The name “Sweden” derives from Old English Sweoðeod, which means “people of the Swedes”. This word derives from Sweon / Sweonas (Old Scandinavian Sviar, Latin Suiones). The Swedish name, Sverige, literally means “Kingdom of the Suiones”, excluding the Geats in Götaland. The etymology of Suiones, and of Sweden, is probably derived from the Proto-Germanic Swihoniz which means “property of one” referring to the property of a Germanic tribe.
Variations of English Sweden is used in most languages, except Danish and Norwegian, where the name is the same as in Swedish, Sverige. In the Finnish (Ruotsi) and Estonian (Rootsi) languages, the name comes from the same root as the word ” Russia “, referring to the Rus ethnic group, originally from the coastal areas of Uppland and Roslagen.
Prehistory in Sweden begins in the period called the Allerød Oscillation, around 12000 BC during the Upper Paleolithic, with the arrival of nomadic groups of hunter-gatherers in the southern part of the country, characterized by the use of arrowheads made of stone.
According to youremailverifier.com, Southern Sweden was part of the area where the Norse Bronze Age developed. This period began around the year 1700 BC with the beginning of the importation of bronze from central Europe. Mining was not practiced during this period, and since Scandinavia does not have large deposits, all metals were imported.
In the absence of the domination of the Roman Empire, the Swedish Iron Age is considered from the introduction of stone architecture and monastic orders around 1100 BC
At the beginning of the 2nd century, much of the cultivated soil in southern Sweden was divided into lots with small fences made of stone. On one side of the wall would be the permanent crops and meadows for winter fodder, while on the other would be the forest and the land that was used to graze livestock. This division of the land was used until the 19th century.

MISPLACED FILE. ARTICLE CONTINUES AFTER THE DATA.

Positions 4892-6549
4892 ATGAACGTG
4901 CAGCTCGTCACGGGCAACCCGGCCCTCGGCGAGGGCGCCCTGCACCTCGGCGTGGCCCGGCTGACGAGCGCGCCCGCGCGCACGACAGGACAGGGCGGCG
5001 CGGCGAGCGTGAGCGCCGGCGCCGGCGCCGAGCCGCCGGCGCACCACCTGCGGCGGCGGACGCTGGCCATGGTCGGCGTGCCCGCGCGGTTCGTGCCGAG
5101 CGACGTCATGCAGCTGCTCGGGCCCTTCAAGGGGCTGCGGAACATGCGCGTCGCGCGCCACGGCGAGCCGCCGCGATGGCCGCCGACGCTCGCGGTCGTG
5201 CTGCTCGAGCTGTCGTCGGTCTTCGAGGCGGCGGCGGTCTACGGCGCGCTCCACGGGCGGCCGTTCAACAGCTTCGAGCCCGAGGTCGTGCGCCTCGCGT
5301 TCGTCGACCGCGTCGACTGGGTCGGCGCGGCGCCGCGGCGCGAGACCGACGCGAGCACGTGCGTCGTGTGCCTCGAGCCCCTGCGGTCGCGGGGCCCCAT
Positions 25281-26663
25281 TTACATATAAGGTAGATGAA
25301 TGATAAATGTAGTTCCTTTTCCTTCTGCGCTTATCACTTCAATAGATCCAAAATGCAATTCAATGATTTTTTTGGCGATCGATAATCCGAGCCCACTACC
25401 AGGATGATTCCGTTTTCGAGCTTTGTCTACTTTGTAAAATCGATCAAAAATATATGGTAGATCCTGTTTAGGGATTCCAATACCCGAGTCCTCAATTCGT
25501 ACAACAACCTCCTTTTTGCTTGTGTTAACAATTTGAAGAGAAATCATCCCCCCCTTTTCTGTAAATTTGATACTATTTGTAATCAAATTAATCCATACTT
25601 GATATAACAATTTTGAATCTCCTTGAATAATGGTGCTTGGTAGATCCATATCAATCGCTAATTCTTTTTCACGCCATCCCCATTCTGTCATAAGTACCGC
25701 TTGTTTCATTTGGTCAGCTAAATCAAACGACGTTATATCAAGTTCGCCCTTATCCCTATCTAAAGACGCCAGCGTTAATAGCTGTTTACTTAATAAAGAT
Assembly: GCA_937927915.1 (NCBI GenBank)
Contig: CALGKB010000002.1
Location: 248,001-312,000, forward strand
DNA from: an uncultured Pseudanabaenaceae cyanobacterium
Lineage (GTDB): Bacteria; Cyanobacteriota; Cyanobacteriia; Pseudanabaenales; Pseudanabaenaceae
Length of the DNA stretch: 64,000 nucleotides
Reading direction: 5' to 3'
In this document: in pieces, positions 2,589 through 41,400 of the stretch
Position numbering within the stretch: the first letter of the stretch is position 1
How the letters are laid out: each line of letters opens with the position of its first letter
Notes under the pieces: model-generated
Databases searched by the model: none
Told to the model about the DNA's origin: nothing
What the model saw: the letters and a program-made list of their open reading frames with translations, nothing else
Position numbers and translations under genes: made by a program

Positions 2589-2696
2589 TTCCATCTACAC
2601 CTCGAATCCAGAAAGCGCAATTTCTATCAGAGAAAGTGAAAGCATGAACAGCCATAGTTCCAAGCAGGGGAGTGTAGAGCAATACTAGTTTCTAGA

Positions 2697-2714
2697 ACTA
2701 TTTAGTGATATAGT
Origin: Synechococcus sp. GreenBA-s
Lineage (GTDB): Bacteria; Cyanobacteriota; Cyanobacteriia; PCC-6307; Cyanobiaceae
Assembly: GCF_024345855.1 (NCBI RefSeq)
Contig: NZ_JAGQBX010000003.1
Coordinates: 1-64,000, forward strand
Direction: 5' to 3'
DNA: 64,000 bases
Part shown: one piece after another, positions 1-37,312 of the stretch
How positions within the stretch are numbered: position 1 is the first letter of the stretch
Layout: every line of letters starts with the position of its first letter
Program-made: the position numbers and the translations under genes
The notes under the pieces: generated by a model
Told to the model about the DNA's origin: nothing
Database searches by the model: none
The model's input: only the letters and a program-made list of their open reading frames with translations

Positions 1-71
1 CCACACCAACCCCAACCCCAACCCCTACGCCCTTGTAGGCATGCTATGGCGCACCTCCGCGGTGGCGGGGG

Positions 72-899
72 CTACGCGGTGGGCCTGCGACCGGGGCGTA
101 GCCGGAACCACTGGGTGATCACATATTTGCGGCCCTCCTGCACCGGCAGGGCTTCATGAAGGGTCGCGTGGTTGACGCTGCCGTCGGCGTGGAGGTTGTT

Viking Age and Middle Ages
The Swedish Viking Age spans from the 8th to the 11th centuries. During this period, it is believed that the Swedes expanded into eastern Sweden and mixed with the southern geese. The Swedish Vikings and the Guter Vikings raided mainly east and south, going to Finland, the Baltic States, Russia, the Mediterranean, and cities as far away as Baghdad.
The Byzantine emperor Theophilus proved their prowess for war, and invited them to serve as his personal guard, known as the Varangian Guard. The Swedish Vikings, called “Rus”, are also believed to be the founding fathers of Russia.
During the 17th century Sweden emerged as a European power. Before the rise of the Swedish Empire, Sweden was a very poor, sparsely populated country, little known in Northern Europe, without any important power or reputation. It was suddenly turned into one of the leading nations in Europe by Axel Oxenstierna and King Gustav II Adolf of Sweden, thanks to the conquest of territories from Russia and Poland – Lithuania, but also thanks to their participation in the 30 Years’ War, which made Sweden the continental leader of Protestantism until the collapse of the empire in 1721.
In the middle of the 17th century, Sweden was the third largest country in Europe, second only to Russia and Spain. Sweden reached its maximum territorial expansion under the reign of Charles X of Sweden (1622 – 1660) after the Treaty of Roskilde in 1658.
Carlos XII tried to invade Norway in 1716 ; however, he was killed on the site of Fort Fredriksten in 1718.
In the seventeenth century, Sweden no longer had sufficient resources to keep its territories outside of Scandinavia, as a result of which it lost most of these, culminating in the loss of eastern Sweden by Russia, territories that would become semi-autonomous. Duchy of Finland in Imperial Russia.
King Charles XIII of Sweden launched a military campaign against Norway on 27 of July of 1814, ending with the Convention of Moss, which forced Norway into a personal union with Sweden under Swedish power, which remained until 1905. The campaign of 1814 was the last war in which Sweden participated as a belligerent.